When Democratic state Rep. Mike Turner announced in February that would not be seeking re-election this fall, it was as if he'd tossed bread to a flock of seagulls.
His District 51, which now includes downtown and most of East Nashville, represents a Democratic breeding ground that may contain the city's highest per-capita population of left-leaning political strivers. No fewer than a dozen white men publicly considered running to replace Turner, a boisterous firefighter who was perhaps the strongest remaining vestige of Democratic confidence on the Hill.
In the end, three Democrats got in the race: Jennifer Buck Wallace, a veteran political operative who spent four years fishing for candidates as executive director of the Tennessee Democratic Party and the past two at Organizing for Action; Bill Beck, an attorney with deep family roots in the city and a lengthy resume of old-school civic engagement; and Stephen Fotopulos, the former executive director of the Tennessee Immigrant and Refugee Rights Coalition, an increasingly visible organization advocating for an ever-growing community.
Two Republicans — Brian Mason and Joshua Rawlings — are running as well, but they're likely to fare about as well on the East Side as an amendment to ban lattes. The winner of the Democratic primary will almost certainly take Turner's place at the statehouse.
Speaking to the Scene at an office off Main Street, Wallace says the Democrats she was pushing to run for office started turning the question around on her. The Germantown neighborhood where she lives was drawn into District 51 in 2010, but even when Turner's somewhat surprising announcement came earlier this year, she says she hesitated to jump at the opportunity. She was still entrenched in her work for OFA, and on the homefront she and her husband are expecting their first child in late August. But the long list of men lining up to replace a man in a largely male chamber helped push her toward a run.
"I don't think I initially, the first moment I heard it, thought, 'Well, this is the ideal time and race to do this,' " she says, laughing. "One of the things that was really hard for me when I was at the party was finding well-qualified women to run for office. It was always a challenge and sort of a priority — you know, 17 percent of the legislature, I believe, is women. And as a part of that process, as names started being rolled out, there just weren't any women being mentioned in the mix."
Since getting in the race, Wallace has secured endorsements from the Women for Tennessee's Future PAC — which has also endorsed Megan Barry for mayor and Mary Mancini in state Senate District 21 — and a number of elected officials including House Minority Leader Craig Fitzhugh. She's also received financial contributions from Barry and the only other current 2015 mayoral candidate, Charles Robert Bone. Her campaign has hosted several targeted outreach events, such as a recent LGBT fundraiser and an upcoming women's event.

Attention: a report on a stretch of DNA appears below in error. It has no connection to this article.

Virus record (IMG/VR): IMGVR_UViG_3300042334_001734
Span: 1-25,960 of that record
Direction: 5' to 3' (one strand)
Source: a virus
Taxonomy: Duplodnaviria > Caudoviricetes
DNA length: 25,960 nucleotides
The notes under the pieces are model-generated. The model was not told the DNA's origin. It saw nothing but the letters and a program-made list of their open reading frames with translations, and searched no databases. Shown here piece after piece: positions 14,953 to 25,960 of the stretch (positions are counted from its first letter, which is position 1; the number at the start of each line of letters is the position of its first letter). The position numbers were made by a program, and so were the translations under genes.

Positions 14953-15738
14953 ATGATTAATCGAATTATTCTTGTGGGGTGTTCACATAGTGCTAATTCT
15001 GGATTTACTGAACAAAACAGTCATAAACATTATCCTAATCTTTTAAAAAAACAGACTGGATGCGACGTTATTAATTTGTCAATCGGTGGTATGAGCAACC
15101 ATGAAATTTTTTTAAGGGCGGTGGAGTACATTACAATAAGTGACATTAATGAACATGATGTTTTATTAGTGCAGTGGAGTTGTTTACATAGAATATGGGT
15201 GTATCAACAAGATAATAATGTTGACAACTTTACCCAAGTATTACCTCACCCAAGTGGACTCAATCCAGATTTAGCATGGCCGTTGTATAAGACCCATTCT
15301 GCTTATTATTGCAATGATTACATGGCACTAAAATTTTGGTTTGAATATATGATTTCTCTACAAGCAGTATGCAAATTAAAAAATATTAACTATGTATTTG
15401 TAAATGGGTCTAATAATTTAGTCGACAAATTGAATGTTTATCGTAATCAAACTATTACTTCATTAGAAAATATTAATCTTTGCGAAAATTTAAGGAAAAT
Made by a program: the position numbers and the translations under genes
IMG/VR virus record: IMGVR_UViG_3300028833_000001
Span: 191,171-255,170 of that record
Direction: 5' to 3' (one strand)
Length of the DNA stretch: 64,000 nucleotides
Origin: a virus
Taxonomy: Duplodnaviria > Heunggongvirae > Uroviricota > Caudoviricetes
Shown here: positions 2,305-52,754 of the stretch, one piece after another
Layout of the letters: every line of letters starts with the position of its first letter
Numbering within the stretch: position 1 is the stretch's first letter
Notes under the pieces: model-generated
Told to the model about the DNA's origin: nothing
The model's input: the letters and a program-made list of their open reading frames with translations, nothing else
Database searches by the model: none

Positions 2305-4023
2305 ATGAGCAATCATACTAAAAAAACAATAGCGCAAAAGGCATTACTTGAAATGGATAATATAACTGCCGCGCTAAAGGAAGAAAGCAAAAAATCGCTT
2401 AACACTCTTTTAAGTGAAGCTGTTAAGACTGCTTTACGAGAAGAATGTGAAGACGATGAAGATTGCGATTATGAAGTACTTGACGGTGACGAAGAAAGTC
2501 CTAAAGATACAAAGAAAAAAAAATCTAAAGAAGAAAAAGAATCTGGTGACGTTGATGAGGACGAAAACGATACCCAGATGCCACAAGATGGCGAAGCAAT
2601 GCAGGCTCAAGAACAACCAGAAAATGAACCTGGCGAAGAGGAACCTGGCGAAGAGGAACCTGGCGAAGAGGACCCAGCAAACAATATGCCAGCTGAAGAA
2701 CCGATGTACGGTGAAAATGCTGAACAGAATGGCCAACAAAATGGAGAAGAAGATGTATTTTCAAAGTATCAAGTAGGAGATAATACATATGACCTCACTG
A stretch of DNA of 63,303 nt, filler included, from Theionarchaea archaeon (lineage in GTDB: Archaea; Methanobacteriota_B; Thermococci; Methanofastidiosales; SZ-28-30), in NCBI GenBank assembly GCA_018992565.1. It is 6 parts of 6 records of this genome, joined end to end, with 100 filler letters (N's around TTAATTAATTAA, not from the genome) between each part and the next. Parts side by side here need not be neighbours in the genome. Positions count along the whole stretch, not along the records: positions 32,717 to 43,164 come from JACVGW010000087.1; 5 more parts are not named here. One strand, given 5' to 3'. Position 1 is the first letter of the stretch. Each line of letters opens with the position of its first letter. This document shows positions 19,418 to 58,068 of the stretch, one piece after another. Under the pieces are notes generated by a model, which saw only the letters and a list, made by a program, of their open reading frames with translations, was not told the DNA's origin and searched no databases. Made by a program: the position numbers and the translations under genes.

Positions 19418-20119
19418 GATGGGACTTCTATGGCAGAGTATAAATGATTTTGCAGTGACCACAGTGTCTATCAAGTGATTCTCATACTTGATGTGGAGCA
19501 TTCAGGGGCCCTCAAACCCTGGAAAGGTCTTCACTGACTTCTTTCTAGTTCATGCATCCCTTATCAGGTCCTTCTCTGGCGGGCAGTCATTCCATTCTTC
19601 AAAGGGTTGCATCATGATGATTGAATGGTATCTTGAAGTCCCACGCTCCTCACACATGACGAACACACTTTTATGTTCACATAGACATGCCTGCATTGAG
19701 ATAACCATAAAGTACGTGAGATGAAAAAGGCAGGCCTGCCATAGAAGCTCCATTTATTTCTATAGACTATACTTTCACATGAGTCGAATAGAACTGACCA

Hinting at her political background, Wallace suggests that safe Democratic districts like the 51st need to be jumping-off points for pulling the party out of the superminority, with representatives who "actually have a vision and a plan for helping to get other Democrats on the team over there in the legislature."
Wallace's party allegiance appears to be a distinction between her and Beck, and it's one he doesn't avoid mentioning. His signs — which, like the others, have been popping up around the district, particularly along Gallatin Road where his family has long-running business ties — bear the slogan, "It's About People, Not Politics." Asked to explain the mantra, in an interview at the Beck and Beck Realtors office in Inglewood, he notes, "One of my opponents comes from a party background, I come from a people background."
His pitch is essentially this: Democrats can't pass or stop a bill on their own. But the right person — e.g., him — can still be effective in that environment.
"I think there are Republicans and Democrats who want the best for this state and not just the best for their party, and those are the people I'm going to be reaching out to," says the jovial attorney, who touts notable supporters such as former Nashville Mayor Bill Purcell and Jo Ann North, the first woman to win countywide election in Nashville.
Compared to Wallace, a party insider, and Beck, a civic insider (as former board president of the Madison-Rivergate Area Chamber of Commerce and the Kiwanis Club of Madison), Fotopulos might play the outsider. At the same time, his work with TIRRC — and a decade as a District 51 resident — means he's no stranger.
"For the last 10 years, I've been an advocate for justice," he told supporters at a recent fundraiser on the back deck of Rosepepper Cantina. "And what that means to me is that I have worked to connect grassroots communities to power. Sometimes that means when the structures of powers have completely failed, that we stand on the steps of War Memorial Plaza and we raise the visibility of injustice. And sometimes, when it's possible to engage the system, and when it's strategic, we actually sit down, we talk to lawmakers. I've testified in committees, and I've built consensus around good policies and moved forward."
A Navy veteran, Fotopulos cites his perspective as a parent with a child in Nashville's public school system and his experience "working for a progressive vision" for a city that "creates opportunities for everyone, regardless of their race, religion, national origin, ethnic background, gender expression."
There are few districts in the state that could produce such a slate of candidates, and a vigorous primary is often a sign of life in a party's ranks. But for Tennessee Democrats, sequestered as they are, it's also a reminder of something else: When early voting begins July 18, they can choose only one.